of Washington researchers are studying what makes babies decide the
difference between sentient and inanimate objects, and also how
they interact and learn from these objects, such as robots.
are curious and interested in almost everything their parents do.
They learn and socialize by mimicking an adult's actions. For
instance, if an adult touches their nose to teach the baby where
their nose is, the baby will learn to touch their nose as well when
asked where it is.
Meltzoff, lead author of the study and co-director of of the
University of Washington's Institute for Learning and Brain Sciences;
Rechele Brooks, co-author of the study and a UW research assistant
professor; and Rajesh Rao, co-author and UW associate professor of
computer science and engineering, have studied babies' interactions
with adults and inanimate objects in an effort to understand how they
perceive and learn from different "teachers."
learn best through social interactions, but what makes something
'social' for a baby?" said Meltzoff. "It is not just what
something looks like, but how it moves and interacts with others that
gives it special meaning to
further investigate this question, 64 babies were used in the study
to observe certain interactions. All were around the age of
18-months-old, and were allowed to play with toys for awhile in order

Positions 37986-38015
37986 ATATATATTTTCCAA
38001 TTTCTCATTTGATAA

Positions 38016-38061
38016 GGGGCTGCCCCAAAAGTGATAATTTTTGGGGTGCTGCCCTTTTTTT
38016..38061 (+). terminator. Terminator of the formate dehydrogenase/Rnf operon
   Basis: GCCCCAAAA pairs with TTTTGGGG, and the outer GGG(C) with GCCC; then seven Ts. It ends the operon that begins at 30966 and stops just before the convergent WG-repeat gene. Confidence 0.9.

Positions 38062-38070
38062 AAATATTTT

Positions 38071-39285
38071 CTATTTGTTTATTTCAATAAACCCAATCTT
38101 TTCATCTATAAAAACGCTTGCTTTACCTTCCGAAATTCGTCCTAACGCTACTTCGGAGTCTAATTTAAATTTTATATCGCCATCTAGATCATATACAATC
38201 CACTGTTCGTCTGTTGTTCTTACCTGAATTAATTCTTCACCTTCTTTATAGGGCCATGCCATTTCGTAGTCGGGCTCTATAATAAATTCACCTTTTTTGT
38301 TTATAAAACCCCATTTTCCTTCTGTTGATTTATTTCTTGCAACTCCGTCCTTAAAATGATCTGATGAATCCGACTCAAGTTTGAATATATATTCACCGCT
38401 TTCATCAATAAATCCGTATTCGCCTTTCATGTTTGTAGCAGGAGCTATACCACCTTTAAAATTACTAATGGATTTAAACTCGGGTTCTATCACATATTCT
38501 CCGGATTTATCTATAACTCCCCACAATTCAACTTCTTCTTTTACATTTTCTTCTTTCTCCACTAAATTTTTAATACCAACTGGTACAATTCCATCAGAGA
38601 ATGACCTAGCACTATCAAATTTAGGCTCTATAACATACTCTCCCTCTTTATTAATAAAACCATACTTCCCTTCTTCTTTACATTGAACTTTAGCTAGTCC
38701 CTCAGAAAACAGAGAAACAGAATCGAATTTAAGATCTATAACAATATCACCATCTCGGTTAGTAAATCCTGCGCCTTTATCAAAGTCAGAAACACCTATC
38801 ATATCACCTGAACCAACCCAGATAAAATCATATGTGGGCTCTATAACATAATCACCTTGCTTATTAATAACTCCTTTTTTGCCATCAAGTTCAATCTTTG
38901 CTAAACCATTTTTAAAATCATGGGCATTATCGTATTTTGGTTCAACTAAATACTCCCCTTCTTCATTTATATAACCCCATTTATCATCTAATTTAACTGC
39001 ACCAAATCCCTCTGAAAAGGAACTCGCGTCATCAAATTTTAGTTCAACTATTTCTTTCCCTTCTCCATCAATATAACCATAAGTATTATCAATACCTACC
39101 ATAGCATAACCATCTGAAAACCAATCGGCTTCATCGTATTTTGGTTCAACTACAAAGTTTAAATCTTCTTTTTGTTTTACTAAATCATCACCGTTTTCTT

to become comfortable with the experimental setting. Once the babies
were adjusted to this setting, Brooks brought out a
robot" with a torso, legs, arms, head and eyes that were
actually camera lenses. The robots name was Morphy, and was
controlled by a researcher who was hidden from the babies' view.
then followed a script where she interacted with Morphy, asking the
robot questions like "Where is your tummy?" and "Where
is your head?" Morphy would then act accordingly, pointing to
its head and tummy.
90 minutes of interaction, Brooks left the room while Morphy
continued to "move on its own," and researchers measured if
the babies thought Morphy was real or not. Morphy continued to make
subtle movements and sounds to hold the babies' attention, and
results showed that 13 out of 16 babies would follow Morphy's gaze
when it would look at a nearby toy or make a subtle movement. For the
control group of babies who did not witness Brooks playing with the
robot first, only three out of 16 babies followed the Morphy's
are using modern technology to explore an age-old question about the
essence of being human," said Meltzoff. "The babies are
telling us that communication with other people is a fundamental
feature of being human."
study was published in Neural